Schooners and clippers have three or more masts...
Christopher Columbus used the type of sailing vessel called a caravel. Caravels were a common sailing ship built in the 15th and 16th centuries. They were small ships with a broad bow, a high narrow poop deck, and usually had three masts.
You might be thinking about the sailing vessel known as a "clipper", a very fast sailing ship of the 19th century that had three or more masts and a square rig.
the third mast from forward in a vessel having three or more masts
A large, Spanish sailing ship was called a galleon. The hull and decking on galleons were constructed from oak, pine, or other hardwoods. Most galleons featured a long beak, and three masts.
Tall ships. More specifically, a Barque or Bark has three masts (possible more) fore and aft rigged mizzen mast. Barquentine, three masts with all but the foremost fore and aft rigged. A fully rigged ship, three or more masts, all of them square rigged A Schooner, three or more masts with fore and aft rigged sails
A barque, a caravel, brig, a carrack, a clipper, a corvette, a frigate. These are some of the types of sailing vessels that can have three masts
Third mast from the bow in a vessel having three or more masts; the after and shorter mast of a yawl, ketch, or dandy.
On a sailing vessel having more than three mast, the mizzen mast is the third mast immediately aft of the main mast. It is a shorter mast than the foremast. It is often located over the stern of the boat or ship. Correction to the above: a "Yawl" or a "Ketch" has two masts -a mainmast and a mizzen, with the mizzen sometimes located right on the transom at the stern.
A clipper is a fast-sailing ship used in the early maritime days. It had three masts, was square-rigged, and the hull was designed to slice through the water.
A Galleon was a large full rigged sailing ship having three or four masts and used primally as a warship or trader between the 15th and 18th Century
On a three-master, from stern to bow, it's Mizzen, Main, Fore. The third mast aft of a mainmast on a ship having three or more masts is called a mizzenmast. My friend Joe is exactly right. For a 3-master, starting at the stern (or the rear end of the boat), you have: * Mizzen * Main * Fore
The Santa Maria was one of three ships taken by Christopher Columbus to America in 1492. The ship had three masts.
Rules of the RoadRule 35Sound Signals in Restricted Visibility(C) A vessel not under command, a vessel restricted in her ability to maneuver, a vessel constrained by her draft, a sailing vessel, a vessel engaged in fishing, and a vessel engaged in towing or pushing another vessel shall..........sound at intervals of not more than two minutes, three blast in succession, namely one prolonged followed by two short blasts.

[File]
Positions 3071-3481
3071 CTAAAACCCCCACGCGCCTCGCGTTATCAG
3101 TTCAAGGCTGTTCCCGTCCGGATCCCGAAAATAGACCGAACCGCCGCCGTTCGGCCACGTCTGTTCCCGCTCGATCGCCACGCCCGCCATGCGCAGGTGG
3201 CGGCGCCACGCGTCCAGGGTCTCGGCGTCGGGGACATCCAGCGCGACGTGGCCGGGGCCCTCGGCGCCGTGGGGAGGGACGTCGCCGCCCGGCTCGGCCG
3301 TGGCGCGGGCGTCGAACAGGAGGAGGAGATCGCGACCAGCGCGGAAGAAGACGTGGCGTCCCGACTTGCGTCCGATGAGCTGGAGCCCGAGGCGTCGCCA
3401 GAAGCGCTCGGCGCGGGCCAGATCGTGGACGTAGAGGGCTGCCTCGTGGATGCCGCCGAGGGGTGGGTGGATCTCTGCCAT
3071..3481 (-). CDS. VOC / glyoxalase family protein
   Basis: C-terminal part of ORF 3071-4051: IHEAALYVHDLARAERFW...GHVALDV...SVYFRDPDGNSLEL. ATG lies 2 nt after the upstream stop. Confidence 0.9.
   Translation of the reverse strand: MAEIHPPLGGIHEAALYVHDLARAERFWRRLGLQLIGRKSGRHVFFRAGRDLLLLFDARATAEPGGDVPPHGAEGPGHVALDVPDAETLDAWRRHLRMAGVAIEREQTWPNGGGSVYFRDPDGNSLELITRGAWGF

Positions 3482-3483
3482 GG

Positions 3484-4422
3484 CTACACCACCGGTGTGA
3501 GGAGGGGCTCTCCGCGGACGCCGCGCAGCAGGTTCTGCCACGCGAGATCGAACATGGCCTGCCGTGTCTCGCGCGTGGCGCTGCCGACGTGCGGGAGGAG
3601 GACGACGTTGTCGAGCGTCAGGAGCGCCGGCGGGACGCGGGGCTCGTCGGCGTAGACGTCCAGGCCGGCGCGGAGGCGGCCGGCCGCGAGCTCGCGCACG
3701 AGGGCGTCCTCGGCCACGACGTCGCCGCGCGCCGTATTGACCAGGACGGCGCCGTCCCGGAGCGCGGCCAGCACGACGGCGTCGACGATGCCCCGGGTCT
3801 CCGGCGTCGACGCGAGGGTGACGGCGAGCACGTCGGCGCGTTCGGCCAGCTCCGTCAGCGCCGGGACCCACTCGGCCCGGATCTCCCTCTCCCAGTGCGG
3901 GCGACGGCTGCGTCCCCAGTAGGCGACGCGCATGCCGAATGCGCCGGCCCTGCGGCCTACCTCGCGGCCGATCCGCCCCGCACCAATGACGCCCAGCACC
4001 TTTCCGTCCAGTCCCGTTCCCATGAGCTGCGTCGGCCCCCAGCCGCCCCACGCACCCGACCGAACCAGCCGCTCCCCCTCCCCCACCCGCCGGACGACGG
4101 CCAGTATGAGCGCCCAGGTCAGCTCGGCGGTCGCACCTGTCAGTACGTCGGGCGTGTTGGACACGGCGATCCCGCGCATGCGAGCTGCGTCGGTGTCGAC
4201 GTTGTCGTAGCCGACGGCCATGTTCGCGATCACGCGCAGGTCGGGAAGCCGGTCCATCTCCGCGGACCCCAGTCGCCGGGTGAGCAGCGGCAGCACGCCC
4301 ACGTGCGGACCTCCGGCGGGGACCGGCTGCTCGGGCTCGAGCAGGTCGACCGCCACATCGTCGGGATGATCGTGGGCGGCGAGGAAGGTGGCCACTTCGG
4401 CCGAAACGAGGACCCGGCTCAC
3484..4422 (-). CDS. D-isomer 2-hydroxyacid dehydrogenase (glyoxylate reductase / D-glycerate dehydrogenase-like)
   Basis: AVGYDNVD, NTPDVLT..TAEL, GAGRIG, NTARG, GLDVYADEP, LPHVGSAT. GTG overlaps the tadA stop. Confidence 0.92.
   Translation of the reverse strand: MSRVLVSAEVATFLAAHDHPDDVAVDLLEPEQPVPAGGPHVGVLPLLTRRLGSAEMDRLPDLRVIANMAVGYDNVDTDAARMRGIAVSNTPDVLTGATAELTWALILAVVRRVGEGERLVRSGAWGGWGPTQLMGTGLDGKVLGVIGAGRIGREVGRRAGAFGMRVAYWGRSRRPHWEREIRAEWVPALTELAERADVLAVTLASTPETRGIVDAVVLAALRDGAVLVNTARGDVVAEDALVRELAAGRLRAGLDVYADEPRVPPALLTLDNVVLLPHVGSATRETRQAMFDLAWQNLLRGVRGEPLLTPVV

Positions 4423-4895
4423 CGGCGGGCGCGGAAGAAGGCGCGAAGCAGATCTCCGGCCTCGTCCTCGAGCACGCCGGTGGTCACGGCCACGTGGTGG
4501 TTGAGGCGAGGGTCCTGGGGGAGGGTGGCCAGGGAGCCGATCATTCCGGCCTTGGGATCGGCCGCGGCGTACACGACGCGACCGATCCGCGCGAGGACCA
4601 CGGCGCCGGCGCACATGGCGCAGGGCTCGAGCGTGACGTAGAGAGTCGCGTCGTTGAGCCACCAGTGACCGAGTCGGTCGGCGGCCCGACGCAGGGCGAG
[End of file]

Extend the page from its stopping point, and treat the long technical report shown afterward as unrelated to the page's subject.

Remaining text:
These multi-decked sailing ships were used as armed cargo carriers from the 16th to 18th centuries. They generally carried three or more masts, with square-rigged sail plans on their foremast and mainmast, with a lateen fore-and-aft rig on their rear masts. They were the mainstay of maritime commerce into the early 19th century.
A fast sailing ship of the 19th Century carrying bulk cargo. They carried three or more masts and were square rigged. They emerged to fulfill a need to carry cargo at speed around the world, such as tea from China. Clippers were amongst the fastest sailing ships ever made
a xebec ship
"There's precious little to say between day and dark,Perhaps a few words on the implacable willOf time sailing like a magic barqueOr something as fine for the amenities..."-Allen TateWe watched as they boarded the small barque, which with three masts, seemed bigger than the boat itself; how a vessel of its size remained afloat with masts of that size was a mystery to us all.
boat, vessel, sailing ships:barque, or bark - at least three masts, fore-and-aft rigged mizzen mastbarquentine - at least three masts with all but the foremost fore-and-aft riggedbilander - a ship or brig with a lug-rigged mizzen sailbrig - two masts square rigged (may have a spanker on the aftermost)brigantine - two masts, with the foremast square-riggedcaravelcarrackclipper - a square-rigged merchant ship of the 1840-50s designed for speedy passagescog - plank built, one mast, square riggedcorvette - an imprecise term for a small, often ship-rigged vesselcutter - Fore-and-aft rigged, single mast with two headsailsdhow a lateen-rigged merchant or fishing vesseldinghy - a small open boat, usually one mastfrigate - a ship-rigged European warship with a single gundeck, designed for commerce-raiding and reconnaissancefishing smackfluyt - a Dutch oceangoing merchant vessel, rigged similarly to a galleonfull-rigged ship - three or more masts, all of them square riggedgalleon - a large, primarily square-rigged vessel of the sixteenth and seventeenth centurieshermaphrodite brig - similar to a brigantine
It is a comparatively large three to four masted sailing vessel created by the Portugese in the 15th Century that was the primary vessel used in sea exploration. It was a square rigged ship with a rounded stern, high aftercastle of the type used by Columbus and Magellan.